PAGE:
Editor’s note: Today’s post is by Michael F. Opitz, professor emeritus of reading education at the University of Northern Colorado and author of Listen Hear! 25 Effective Listening Comprehension Strategies. At today’s Google Next event, we’re announcing a new program to offer active listening apps on Chromebooks. Visit g.co/educhromebookapps and follow @GoogleForEdu for details.
In school, students are often told “be a good listener,” but listening is not just about paying attention and following instructions in class. Active listening helps students develop skills for future success and is a highly desirable quality for new hires, according to a report by Fast Company. Active listening is the backbone of communication and literacy: if students learn to listen critically, and take away value from what they’re listening to, their comprehension improves—and so does their ability to communicate.
As teachers, we’re good at reminding students to listen, but we need to teach them how to listen. There are techniques to doing this. For example, if a librarian is explaining how to get a library card, a teacher can preface the listening exercise by asking students what they think the librarian will talk about. When the librarian starts talking, the students know what to expect. After the exercise, the teacher can ask students about the steps the librarian outlined for getting a card. This is the essence of teaching active listening: letting students know what to listen for, and assessing their comprehension of the material.
To support students’ active listening skills, Google spokewith educators around the country about the most helpful active listening apps to use with Chromebooks and two kept popping up—FluencyTutor and Listenwise. These apps integrate active listening into classrooms and lessons, and both apps can be used across a range of grades and subjects.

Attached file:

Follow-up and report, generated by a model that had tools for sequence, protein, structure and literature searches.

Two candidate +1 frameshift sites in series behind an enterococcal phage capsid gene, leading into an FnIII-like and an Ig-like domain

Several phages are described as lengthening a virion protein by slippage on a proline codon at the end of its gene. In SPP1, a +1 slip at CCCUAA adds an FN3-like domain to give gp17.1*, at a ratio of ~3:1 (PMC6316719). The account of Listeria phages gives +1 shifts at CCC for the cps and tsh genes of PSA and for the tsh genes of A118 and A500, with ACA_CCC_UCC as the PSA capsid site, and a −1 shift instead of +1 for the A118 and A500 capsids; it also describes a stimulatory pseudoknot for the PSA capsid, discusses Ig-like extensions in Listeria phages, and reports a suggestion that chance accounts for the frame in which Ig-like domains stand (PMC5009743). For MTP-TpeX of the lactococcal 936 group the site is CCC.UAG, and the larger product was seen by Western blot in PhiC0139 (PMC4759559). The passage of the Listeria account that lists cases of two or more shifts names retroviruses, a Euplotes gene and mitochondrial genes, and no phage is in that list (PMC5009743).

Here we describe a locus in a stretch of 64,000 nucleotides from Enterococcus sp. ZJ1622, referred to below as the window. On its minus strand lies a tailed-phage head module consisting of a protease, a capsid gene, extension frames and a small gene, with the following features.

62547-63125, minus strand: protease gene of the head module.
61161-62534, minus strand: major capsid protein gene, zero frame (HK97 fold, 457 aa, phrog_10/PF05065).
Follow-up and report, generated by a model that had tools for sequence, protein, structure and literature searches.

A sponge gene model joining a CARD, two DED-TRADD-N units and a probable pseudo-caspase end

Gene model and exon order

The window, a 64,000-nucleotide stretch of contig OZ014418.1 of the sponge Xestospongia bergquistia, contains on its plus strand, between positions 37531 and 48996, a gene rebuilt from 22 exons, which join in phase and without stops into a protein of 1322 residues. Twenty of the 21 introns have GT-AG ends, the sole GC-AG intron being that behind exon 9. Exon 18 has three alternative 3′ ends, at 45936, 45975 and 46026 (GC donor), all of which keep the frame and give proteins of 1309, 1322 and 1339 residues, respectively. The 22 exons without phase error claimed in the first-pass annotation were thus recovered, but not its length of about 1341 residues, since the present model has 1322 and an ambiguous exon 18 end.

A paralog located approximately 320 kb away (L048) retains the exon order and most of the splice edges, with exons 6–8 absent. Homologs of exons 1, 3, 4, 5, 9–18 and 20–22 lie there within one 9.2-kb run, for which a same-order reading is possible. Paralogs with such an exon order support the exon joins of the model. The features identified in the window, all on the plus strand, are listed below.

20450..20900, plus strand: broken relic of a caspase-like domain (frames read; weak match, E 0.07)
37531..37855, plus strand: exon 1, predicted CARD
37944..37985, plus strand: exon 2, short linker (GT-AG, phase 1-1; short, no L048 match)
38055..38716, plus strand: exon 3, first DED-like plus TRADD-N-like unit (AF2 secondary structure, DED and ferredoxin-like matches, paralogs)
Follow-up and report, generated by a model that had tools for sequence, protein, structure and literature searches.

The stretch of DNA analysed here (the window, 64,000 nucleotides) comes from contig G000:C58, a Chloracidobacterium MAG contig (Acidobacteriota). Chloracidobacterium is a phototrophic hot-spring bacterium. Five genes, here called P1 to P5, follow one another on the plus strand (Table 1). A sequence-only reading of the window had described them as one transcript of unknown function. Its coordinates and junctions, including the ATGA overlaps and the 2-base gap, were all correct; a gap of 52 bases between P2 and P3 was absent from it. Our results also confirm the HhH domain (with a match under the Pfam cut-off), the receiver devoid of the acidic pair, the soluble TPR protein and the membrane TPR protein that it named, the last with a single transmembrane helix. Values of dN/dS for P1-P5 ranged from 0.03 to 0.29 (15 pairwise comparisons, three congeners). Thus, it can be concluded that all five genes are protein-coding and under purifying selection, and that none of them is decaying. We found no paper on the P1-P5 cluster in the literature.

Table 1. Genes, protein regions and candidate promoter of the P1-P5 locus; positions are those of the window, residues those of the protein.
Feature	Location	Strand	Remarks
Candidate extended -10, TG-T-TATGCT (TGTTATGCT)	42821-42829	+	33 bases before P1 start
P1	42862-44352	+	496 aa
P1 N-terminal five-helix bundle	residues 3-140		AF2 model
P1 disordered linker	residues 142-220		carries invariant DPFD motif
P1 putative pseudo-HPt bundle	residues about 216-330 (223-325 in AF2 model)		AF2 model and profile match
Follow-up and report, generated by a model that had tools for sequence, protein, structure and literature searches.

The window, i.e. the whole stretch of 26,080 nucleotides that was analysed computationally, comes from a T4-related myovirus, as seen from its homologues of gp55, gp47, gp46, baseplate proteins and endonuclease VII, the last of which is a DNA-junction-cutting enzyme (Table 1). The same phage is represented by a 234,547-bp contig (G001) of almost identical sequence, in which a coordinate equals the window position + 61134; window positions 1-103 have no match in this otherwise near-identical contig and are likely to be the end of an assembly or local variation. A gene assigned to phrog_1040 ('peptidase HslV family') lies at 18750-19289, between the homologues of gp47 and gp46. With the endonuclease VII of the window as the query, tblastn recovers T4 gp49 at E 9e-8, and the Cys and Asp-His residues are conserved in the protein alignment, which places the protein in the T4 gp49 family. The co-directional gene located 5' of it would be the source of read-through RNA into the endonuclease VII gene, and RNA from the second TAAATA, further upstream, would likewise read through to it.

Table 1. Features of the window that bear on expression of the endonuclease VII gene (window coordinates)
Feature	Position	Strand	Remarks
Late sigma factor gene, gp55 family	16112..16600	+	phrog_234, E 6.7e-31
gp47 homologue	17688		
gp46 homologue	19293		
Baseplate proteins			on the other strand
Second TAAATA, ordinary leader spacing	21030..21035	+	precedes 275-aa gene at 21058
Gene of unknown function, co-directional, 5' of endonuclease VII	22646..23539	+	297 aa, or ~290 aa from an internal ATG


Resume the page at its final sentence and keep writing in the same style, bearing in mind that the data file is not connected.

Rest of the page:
Developed by Texthelp, FluencyTutor lets students record themselves reading different types of texts, like web content, Google Docs, and almost 500 leveled reading passages. Students can listen to their recordings and self-reflect before submitting for teacher feedback. Practice happens at each student’s own pace, which is less stressful than asking reluctant students to read aloud in front of the class. Reading assistance tools, like text-to-speech, picture dictionary and translate tools, are available to help students practice and reach proficiency.
Students may not have confidence to read out loud. Practicing with Fluency Tutor—rehearsing, recording themselves and listening back—is invaluable.Mandy Marlowe 6th grade teacher, Chagrin Falls, OH
Teachers can use FluencyTutor to gain a view into student struggles with reading. They listen to the recordings and use features like comprehension questions to gauge understanding of the text and track progress over time. They also see the tools that students use to help them get through the assignment, so they can determine how to help students in the future – for example, supporting their vocabulary skills.
Listenwise is a collection of podcasts and public radio stories featuring NPR content that improves students’ listening comprehension while also drawing them into the world around them. Students can listen and read along with transcripts, and even slow down the recording to get a better grasp on complex subjects. Teachers can assign quizzes at the end of each listening assignment to assess which skills students need to improve. Teachers are able to gauge student comprehension in several areas, such as their understanding of the story’s main idea, knowledge of vocabulary, and ability to summarize the story.
“Listenwise helps me present interesting, timely and thought-provoking topics that students might not otherwise have a chance to consider,” says Lisa Goldman, a 7th grade teacher at Bird Middle School in East Walpole, Massachusetts. “Whether the story is war’s impact on preservation of historical artifacts, or how democracy in Athens is not so different from democracy today, each one gets my students contemplating topics outside the norm.”
To make these apps on Chromebooks accessible to a wide range of school districts, Google worked with Chromebook partners to create a special price when both apps are purchased as a bundle. They may be purchased alongside Chromebooks or on their own, and they are available as an annual subscription per license from Chromebook resellers in the US.
To learn more about these apps and other content programs including creative apps on Chromebooks, visit g.co/educhromebookapps, check out the apps’ websites, or contact your school’s Chromebook reseller.